Last summer, Scottish filmmaker and cyclist Graham Kitchener found himself pedaling through Williston, N.D., the de facto capital of the Bakken oil boom, when a parade of heavy equipment turned an otherwise calm stretch into the most dangerous, white-knuckled part of his cross-country trek.
"There was a chaos about it," Kitchener says in a video diary from the trip. "There were so many tankers at points it was like cycling beside a train. They were so constant, one after the other."
The 16 million barrels of oil a month sucked from the plains of western North Dakota and eastern Montana is treasure for oilmen, and treacherous for touring cyclists like Kitchener.
In 2008, the Missoula-based Adventure Cycling Association, which produces maps for its network of cycling routes around the country, began hearing about incessant truck traffic along its Northern Tier and Lewis & Clark routes. In 2010, a cyclist was hit and killed by a pickup. Beyond the traffic, cyclists can't find places to rest weary legs as oilfield workers overrun hotels and campgrounds.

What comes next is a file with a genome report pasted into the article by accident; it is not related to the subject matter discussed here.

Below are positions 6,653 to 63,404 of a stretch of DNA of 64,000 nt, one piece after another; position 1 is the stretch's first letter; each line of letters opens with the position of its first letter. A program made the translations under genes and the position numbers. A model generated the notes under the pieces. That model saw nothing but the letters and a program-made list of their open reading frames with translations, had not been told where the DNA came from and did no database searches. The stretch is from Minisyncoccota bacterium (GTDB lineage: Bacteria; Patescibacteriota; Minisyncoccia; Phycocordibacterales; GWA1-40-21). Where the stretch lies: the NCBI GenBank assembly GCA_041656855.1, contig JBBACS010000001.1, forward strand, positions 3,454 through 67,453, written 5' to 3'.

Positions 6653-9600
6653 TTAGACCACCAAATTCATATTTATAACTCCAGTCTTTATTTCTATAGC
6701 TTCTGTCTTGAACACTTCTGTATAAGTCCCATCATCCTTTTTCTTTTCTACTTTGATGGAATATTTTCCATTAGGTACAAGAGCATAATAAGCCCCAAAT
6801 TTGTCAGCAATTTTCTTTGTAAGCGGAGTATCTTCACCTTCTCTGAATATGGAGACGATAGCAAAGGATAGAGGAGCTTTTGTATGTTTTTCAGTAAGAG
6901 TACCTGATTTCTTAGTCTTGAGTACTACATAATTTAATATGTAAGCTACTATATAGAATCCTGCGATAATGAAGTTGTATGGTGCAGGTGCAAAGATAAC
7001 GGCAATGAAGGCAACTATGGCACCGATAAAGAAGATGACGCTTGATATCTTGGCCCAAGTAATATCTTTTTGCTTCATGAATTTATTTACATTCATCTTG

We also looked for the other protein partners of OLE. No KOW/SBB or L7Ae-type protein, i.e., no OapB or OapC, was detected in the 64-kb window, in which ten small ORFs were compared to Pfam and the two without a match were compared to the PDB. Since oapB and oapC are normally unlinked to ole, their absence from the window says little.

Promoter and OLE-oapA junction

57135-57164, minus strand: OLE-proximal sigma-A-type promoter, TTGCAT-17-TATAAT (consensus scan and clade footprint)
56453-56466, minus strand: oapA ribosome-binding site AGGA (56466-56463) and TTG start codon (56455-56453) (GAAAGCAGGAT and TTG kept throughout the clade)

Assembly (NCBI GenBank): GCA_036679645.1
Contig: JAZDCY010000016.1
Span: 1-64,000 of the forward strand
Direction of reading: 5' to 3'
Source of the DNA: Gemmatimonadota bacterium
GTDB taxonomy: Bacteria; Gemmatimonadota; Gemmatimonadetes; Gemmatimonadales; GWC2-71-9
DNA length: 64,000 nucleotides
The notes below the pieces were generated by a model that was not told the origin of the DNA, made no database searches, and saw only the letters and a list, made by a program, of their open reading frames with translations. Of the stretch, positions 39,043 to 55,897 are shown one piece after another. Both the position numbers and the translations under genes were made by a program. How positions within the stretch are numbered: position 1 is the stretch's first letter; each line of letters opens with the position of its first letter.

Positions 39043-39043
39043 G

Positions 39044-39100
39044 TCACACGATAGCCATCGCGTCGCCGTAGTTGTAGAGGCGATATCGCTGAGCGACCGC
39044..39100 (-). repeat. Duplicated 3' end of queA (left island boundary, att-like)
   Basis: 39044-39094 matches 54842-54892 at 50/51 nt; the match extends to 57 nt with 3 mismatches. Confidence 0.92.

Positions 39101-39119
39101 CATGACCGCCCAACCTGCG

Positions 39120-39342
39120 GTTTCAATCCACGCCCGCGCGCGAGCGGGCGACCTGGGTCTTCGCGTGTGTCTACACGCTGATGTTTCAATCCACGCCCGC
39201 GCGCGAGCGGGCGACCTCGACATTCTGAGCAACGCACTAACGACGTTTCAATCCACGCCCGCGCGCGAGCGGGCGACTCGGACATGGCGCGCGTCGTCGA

Kitchener documented the bedlam, and sent his video to ACA. It proved to be the pump that broke the oil derrick's mast: ACA decided it was time for a detour.
"This is the first time in our history that we've ever had to do a major re-route of this magnitude," says ACA cartographer Jennifer Milyko.
After seeking direction from the state transportation departments and dispatching a staffer to collect intel on services and road conditions, ACA pushed both its Northern Tier and Lewis & Clark routes from U.S. Highway 2 about 100 miles south all the way to the I-94 corridor. The new maps are due out this summer.
Milyko knows cyclists hate the interstate as much as headwinds and hemorrhoids. "But the fact of the matter is," she says, "in rural states like North Dakota and Montana, sometimes that's all there is." And it sure beats sharing the road with a never-ending convoy of oversized oil equipment.